Blue Velvet (1986) is in some ways one of David Lynch’s most accessible works: it has a more conventional, linear narrative than many of his other projects, it can be understood as a thriller, and it fits into the film noir tradition. Audiences have a framework for processing the film’s scenes of brutality and perversity. For instance, upon its initial release, Gene Siskel compared it to Alfred Hitchcock’s Psycho (1960).
Author: Victoria Large
The 1943 Fox musical Stormy Weather is worth seeing not because of its conventional and wafer-thin backstage storyline, but because it offers the opportunity to see great musical numbers with the film’s two leads, Lena Horne and Bill Robinson, as well as other legendary African American artists like Cab Calloway, Katherine Dunham, and Fats Waller. Gifted African American performers were under-utilized and generally poorly served in Hollywood during the studio era, frequently relegated to stereotyped supporting roles or “specialty” numbers that could be excised from prints shipped to racially segregated areas of the United States. And while Stormy Weather is a product of its times and not without its fraught details – including a performance by a pair of comedians in minstrel-style blackface makeup – it also offers an indispensable peek at some extraordinary talents.
Director James Mangold’s Logan is rightly celebrated for bringing the superhero genre down to earth in the best possible way; the film is grounded in situations and characters – and, yes, acts of violence – that feel achingly real. Throughout, Mangold makes space for intimate moments that resonate, such as when Logan swigs alcohol alone while bandaging a hand that should have already healed, or an aged Charles Xavier tends a makeshift garden, or Logan’s daughter Laura stares wide-eyed out of a car window at a glittering city, the likes of which she’s never seen before. Indeed, one of the film’s most poignant scenes is both intimate and relatively quiet, though it begins with Logan snarling and growling himself awake from a nightmare.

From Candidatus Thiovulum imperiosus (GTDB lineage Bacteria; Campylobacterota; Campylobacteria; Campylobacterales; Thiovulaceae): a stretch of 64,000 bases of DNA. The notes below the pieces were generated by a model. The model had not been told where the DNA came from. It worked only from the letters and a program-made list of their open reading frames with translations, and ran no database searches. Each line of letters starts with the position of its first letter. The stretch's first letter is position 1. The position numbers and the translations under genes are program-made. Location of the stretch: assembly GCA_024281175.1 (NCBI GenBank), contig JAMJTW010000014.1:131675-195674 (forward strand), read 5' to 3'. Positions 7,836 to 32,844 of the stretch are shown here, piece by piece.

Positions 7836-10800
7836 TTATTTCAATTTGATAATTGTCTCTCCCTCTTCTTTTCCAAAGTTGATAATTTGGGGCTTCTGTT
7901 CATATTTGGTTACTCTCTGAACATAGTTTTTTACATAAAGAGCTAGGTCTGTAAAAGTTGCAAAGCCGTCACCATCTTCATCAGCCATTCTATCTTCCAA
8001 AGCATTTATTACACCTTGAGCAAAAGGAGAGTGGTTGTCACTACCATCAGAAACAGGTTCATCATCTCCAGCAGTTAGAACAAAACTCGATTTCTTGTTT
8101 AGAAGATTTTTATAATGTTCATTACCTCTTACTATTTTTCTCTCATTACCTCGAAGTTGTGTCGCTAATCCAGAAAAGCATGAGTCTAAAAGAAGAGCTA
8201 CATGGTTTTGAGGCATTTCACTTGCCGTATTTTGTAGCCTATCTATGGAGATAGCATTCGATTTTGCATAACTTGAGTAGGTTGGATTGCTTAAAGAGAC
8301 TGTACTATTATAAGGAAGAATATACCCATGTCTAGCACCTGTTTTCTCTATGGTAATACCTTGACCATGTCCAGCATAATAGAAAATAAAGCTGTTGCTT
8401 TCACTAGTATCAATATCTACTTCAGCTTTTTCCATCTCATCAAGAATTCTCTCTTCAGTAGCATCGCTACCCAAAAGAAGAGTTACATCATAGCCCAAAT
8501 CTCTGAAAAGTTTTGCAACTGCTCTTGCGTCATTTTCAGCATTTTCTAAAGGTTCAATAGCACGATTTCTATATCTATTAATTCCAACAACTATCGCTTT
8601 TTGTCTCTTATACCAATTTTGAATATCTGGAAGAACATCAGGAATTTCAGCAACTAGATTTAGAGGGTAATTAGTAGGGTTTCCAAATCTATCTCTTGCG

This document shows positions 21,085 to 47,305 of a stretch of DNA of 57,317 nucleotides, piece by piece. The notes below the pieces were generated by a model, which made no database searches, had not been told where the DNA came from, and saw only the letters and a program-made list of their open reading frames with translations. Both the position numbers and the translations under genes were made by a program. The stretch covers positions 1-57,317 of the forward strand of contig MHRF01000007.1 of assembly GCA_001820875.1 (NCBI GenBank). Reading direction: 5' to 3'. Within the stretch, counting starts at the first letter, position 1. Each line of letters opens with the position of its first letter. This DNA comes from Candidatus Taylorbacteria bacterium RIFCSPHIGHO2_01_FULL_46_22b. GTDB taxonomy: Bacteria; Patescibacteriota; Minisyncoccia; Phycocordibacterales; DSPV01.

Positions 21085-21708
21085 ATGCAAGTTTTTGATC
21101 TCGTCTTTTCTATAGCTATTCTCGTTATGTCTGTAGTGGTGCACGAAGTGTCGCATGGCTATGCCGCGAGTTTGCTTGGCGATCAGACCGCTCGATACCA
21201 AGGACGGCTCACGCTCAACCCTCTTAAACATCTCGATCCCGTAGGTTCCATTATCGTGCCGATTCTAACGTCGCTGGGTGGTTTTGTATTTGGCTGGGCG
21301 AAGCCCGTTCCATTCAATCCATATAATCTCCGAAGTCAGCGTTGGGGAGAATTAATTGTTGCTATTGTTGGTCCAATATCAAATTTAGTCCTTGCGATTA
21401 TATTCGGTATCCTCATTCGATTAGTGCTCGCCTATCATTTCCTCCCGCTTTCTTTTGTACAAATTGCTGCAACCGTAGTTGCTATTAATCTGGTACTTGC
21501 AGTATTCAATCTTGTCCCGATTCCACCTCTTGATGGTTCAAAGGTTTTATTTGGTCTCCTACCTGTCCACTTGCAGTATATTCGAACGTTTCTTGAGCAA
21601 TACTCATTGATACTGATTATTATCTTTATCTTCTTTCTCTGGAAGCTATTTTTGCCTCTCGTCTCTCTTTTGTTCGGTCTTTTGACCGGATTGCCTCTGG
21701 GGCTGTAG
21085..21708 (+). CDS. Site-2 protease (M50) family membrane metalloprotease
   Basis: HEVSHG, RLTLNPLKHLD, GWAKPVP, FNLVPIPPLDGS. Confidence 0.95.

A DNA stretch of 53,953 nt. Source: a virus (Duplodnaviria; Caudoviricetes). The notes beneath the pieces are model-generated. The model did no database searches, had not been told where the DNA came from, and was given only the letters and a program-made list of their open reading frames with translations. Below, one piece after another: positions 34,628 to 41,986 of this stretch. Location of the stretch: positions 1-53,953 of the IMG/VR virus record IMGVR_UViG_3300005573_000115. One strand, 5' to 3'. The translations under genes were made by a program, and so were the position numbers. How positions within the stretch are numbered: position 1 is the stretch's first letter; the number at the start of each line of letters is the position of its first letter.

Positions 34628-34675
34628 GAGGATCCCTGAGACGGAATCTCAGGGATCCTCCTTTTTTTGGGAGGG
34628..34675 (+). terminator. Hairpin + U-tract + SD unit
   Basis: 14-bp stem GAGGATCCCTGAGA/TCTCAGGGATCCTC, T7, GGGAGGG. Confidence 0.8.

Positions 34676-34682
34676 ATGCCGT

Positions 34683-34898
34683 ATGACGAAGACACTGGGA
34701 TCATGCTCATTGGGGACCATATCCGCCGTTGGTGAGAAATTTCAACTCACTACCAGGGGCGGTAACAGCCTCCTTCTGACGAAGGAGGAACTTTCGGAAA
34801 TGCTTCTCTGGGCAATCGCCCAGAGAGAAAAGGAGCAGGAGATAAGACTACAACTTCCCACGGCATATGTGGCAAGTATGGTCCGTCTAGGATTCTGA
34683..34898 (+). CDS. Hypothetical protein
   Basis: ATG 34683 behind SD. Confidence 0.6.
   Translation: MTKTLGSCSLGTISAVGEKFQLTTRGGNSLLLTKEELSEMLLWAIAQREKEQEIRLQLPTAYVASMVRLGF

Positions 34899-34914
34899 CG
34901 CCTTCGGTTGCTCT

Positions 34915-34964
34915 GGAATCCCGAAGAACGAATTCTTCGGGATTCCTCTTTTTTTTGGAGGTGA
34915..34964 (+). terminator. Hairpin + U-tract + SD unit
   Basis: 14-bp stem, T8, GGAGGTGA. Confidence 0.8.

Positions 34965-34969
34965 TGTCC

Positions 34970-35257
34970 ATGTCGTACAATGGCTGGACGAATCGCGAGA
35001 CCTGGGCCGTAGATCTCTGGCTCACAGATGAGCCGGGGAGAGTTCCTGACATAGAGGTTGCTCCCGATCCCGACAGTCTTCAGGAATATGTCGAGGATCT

There’s this little moment in Stand By Me that doesn’t need to be there, at least not to move the plot forward. In a film defined largely by the rowdy banter and camaraderie of a group of twelve-year-old boys, we find Gordie Lachance, our narrator and protagonist, sitting alone while the other guys sleep, reading a comic as the sun creeps over the horizon. Suddenly, a deer enters the frame and pauses a few feet from Gordie. The two briefly stare at one another before the deer moves on. There’s no music on the soundtrack, just the diegetic sounds of birds and the quiet noises that signal the deer’s movements. The whole encounter takes only a few seconds, but it remains one of my favorite scenes in the film.
Jim Jarmusch’s 1995 revisionist western Dead Man appropriately begins with a journey west. A fainthearted accountant from Ohio named William Blake travels by train to the distant town of Machine, where he’s been promised a job. En route, he looks bored and mostly avoids interacting with his fellow passengers, instead killing time by reading something called Bee Journal, playing solitaire, and drifting off to sleep. He appears visibly uncomfortable when he spies evidence of the violence of the Old West – destroyed covered wagons and teepees that look like skeletal remains – out his window. When the train’s soot-covered fireman visits Blake at his seat and delivers cryptic warnings about Machine, the accountant clutches his briefcase like a shield. Over the course of their conversation we learn that Blake’s parents have died and his fiancée has left him. He strikes us as a man with few remaining human connections and some hesitance to make new ones, at least with the rough-and-tumble men who fill the train when he gets close to his stop. Comparing him to the rugged characters that surround him, we can’t help but be aware of his vulnerability and seeming innocence.